Otto Piene, Peace inflatables, Anti-war protest, Boston Common, 1969.
Otto Piene, Inflatables reading Peace, Pax, Pace, 1969.
Boston area students carry peace sign, 1969.
Sky writing, inflatables, and signs fill the air during the Boston Student Mobilization Committee anti-war protest October 15, 1969. This march was part of the nationwide Moratorium to End the War in Vietnam protests. This day of protest, considered the first mass mobilization of the anti-war movement, spread across 200 cities with over two million people taking part.

A brief history of arts and activism at MIT

The Center for Advanced Visual Studies (1967-2010) hosted many artists who were involved in activism beginning with Otto Piene, whose youth spent as a conscripted soldier in Germany during WWII drove him to pioneer Sky Art as a way to reclaim the sky from the violence of war planes and bombs. Other artists including Juan Downey, Mel Chin, and Jenny Romaine came to the CAVS as fellows and research affiliates, continuing the legacy of activism in the center.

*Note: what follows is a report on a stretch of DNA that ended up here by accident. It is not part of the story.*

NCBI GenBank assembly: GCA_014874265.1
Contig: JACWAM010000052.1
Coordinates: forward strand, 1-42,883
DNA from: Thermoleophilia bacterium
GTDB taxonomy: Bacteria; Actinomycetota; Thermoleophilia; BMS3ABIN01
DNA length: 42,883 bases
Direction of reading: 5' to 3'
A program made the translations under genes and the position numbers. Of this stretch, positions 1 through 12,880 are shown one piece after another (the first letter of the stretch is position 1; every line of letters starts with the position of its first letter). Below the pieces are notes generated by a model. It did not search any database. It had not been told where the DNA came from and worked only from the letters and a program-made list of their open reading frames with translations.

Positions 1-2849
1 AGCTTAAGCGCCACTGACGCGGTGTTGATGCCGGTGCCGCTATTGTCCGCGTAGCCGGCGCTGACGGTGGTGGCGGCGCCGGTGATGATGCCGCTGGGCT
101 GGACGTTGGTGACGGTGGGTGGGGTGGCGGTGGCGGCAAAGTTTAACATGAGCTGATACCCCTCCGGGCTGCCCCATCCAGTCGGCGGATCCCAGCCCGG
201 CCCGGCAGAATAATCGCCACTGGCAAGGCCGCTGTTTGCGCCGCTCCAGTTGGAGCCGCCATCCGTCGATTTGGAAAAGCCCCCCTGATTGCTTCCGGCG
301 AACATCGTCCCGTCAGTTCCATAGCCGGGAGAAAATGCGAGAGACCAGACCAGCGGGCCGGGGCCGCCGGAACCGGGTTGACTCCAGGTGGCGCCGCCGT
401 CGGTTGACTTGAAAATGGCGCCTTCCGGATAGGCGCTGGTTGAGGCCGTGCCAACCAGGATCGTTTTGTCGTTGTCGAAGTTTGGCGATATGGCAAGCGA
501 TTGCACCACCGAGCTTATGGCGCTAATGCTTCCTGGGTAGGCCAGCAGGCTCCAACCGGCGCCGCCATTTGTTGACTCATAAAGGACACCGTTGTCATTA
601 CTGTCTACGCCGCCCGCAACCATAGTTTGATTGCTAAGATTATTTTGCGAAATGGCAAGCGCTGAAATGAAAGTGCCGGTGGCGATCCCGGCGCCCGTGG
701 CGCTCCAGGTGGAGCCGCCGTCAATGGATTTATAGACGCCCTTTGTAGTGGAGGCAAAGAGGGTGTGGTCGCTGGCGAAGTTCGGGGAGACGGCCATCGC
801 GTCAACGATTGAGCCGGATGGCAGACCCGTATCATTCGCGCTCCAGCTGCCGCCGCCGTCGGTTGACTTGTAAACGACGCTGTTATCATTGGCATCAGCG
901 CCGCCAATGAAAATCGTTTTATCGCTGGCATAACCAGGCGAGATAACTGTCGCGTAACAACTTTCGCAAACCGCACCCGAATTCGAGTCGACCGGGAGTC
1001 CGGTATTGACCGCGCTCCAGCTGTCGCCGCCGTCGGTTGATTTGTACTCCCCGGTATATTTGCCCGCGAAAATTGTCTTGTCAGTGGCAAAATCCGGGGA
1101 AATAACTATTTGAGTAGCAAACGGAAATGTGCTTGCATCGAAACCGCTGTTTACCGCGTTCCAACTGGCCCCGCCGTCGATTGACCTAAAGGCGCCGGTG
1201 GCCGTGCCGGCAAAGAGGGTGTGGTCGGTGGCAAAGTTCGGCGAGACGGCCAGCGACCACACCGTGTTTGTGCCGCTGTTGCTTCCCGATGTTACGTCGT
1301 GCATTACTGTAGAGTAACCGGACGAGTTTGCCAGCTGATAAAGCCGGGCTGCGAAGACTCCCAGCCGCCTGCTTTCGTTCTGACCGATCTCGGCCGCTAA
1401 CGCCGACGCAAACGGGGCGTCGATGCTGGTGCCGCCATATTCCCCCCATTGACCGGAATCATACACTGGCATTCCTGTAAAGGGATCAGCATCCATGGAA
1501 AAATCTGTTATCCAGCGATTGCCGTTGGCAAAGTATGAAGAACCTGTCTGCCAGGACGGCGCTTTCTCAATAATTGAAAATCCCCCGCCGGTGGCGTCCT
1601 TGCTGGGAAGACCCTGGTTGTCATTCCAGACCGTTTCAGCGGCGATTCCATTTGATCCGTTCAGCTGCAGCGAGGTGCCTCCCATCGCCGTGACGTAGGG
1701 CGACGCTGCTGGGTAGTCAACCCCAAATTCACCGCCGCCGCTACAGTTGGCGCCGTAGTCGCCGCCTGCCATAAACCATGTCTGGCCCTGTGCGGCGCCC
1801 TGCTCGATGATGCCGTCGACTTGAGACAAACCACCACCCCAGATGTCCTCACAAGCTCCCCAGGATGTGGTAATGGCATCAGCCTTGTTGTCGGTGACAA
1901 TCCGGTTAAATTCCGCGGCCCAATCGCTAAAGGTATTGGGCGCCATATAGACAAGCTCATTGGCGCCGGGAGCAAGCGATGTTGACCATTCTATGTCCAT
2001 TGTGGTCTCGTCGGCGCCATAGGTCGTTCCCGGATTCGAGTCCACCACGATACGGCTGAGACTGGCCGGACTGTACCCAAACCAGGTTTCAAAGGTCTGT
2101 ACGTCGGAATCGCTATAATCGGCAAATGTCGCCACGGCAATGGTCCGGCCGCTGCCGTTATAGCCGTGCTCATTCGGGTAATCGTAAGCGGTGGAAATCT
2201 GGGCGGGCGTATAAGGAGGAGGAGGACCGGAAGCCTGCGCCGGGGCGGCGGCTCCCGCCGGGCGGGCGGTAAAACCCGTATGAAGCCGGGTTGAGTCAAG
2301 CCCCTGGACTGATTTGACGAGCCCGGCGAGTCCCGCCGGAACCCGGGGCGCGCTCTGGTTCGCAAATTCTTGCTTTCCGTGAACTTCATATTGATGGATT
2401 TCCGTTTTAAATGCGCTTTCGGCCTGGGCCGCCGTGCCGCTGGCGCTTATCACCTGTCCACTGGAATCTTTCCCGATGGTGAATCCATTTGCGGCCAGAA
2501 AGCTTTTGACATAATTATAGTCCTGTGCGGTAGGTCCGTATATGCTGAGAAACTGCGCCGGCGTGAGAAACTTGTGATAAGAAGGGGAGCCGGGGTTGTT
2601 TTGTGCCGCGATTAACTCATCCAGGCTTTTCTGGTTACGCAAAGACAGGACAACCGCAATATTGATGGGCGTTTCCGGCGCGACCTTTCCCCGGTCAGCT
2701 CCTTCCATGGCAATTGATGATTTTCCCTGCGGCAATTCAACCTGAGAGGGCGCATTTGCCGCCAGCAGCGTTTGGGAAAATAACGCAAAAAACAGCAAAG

The legacy of these artists is upheld by current ACT students and faculty through their art, research, and performance.

“The blue sky had been a symbol of terror in the aerial war. It had meant flying weather, attacks by low-diving fighter planes and bombardments. . . We want to exhibit in the sky, not in order to establish there a new art world, but rather to enter new space peacefully—that is freely, playfully and actively, not as slaves of war technology.”

– Otto Piene, Artist’s statement, 1965.

The artists featured on the following pages are by no means an exhaustive list.